A central basis for the social cohesion of the EU is the economic convergence of its member states. In recent years, however, the concentration of scientific, technological and entrepreneurial expertise has meant that economic and income differences, particularly in the old EU member states, are no longer converging. In view of the weakening of Europe-wide convergence processes and considerable spatial and social differences, the EU faces the challenge of ensuring social cohesion in Europe through independent transnational policies.
Heidenreich, M. (2023). Equal treatment in the single market? Labour market opportunities for migrants with a European and a non-European background. Culture, Practice & Europeanization, 8(1), 6-25.
Heidenreich, Martin; Broschinski, Sven (2023): Is Property an Insurance or an Additional Burden? Financial Stress Among Homeowners in Europe. Social Inclusion, 11 (1).
A crucial function of wealth is to protect individuals from the consequences of adverse life events. However, sometimes wealth also implies additional financial risks. In addition to the insurance function of homeownership (the most common form of wealth), we therefore also examine financial squeezes that reflect the indebtedness and social embeddedness of homeowners and limit their options for dealing with social risks. A third hypothesis expects a trade-off between social protection and homeownership. Taking the example of unemployment, we examine the effects of short-term unemployment on the perceived financial situation of households based on data derived from EU-SILC for 27 European countries. It can be shown that debt-free homeownership reduces financial stress in the case of unemployment compared to tenants and indebted owners. A debt-free home thus offers an additional buffer and insurance against the financial consequences of unemployment. However, indebted homeowners are particularly hard hit by unemployment because they have to use all their financial resources to pay off their mortgages. Finally, we did not find a trade-off but a cumulation of advantages due to homeownership and generous unemployment benefits in countries with high net replacement rates.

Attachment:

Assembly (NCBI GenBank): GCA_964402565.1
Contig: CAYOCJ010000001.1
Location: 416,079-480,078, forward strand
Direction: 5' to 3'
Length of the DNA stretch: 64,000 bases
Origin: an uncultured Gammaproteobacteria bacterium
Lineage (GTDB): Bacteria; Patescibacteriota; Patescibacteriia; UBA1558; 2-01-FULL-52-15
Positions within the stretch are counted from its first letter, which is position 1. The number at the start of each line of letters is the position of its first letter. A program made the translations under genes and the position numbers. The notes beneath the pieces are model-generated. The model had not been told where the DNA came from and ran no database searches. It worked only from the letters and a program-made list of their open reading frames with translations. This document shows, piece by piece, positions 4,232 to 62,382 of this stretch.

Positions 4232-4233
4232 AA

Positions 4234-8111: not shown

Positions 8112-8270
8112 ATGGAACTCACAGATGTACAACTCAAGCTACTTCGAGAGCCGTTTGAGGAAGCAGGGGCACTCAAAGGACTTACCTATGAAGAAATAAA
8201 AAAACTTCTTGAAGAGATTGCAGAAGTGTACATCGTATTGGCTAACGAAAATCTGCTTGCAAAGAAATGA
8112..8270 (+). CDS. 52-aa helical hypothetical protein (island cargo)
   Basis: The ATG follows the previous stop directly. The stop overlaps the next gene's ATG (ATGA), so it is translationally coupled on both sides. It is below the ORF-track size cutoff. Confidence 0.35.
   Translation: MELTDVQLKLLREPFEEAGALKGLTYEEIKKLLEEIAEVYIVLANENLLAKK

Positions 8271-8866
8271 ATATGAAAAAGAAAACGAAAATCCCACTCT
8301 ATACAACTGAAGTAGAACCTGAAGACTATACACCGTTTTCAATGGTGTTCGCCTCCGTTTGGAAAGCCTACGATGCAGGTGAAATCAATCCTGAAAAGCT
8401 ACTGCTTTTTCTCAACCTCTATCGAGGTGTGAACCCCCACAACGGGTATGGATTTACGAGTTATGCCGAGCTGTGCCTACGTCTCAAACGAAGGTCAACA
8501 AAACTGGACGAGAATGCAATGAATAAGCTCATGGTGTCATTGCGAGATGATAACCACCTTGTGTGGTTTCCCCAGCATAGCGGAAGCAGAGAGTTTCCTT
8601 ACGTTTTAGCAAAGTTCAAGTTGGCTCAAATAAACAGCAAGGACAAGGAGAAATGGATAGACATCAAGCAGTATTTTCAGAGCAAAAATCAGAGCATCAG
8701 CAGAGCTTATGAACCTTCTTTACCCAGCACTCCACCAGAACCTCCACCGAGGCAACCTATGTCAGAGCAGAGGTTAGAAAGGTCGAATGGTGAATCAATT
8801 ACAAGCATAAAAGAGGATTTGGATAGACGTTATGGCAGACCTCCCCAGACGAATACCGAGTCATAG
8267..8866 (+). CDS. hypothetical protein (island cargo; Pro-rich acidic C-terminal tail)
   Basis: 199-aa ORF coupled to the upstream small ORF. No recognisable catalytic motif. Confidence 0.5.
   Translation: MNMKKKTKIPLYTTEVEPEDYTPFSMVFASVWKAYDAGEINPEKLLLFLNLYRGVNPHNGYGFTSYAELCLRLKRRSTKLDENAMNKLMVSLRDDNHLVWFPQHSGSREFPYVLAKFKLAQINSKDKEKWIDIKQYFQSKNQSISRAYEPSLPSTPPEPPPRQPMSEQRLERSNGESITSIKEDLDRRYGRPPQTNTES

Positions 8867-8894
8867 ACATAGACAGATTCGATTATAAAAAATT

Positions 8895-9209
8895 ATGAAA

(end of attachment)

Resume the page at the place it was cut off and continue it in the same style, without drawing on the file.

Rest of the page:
The European Union is more economically integrated than ever before. At the same time, deep social and inter-state inequalities continue to permeate Europe. Sociologist Martin Heidenreich explains how these are connected and what can be done about them in an interview (in german) with te.ma
On 4 November 2023, Prof. Dr Martin Heidenreich will give the lecture "Social inequalities in Europe. Possible influences of European monetary and fiscal policy" at the Cusanuswerk student council conference in Frankfurt am Main.
Ensuring good academic practice is an important task of universities and other scientific organisations. University GWP committees and the ombudspersons assigned to them are central to the implementation of GWP rules. Starting from a power-theoretical perspective and based on their many years of work as ombudspersons, the authors analyse the challenges associated with GWP using three examples and draw four more general conclusions for the work of university ombudspersons.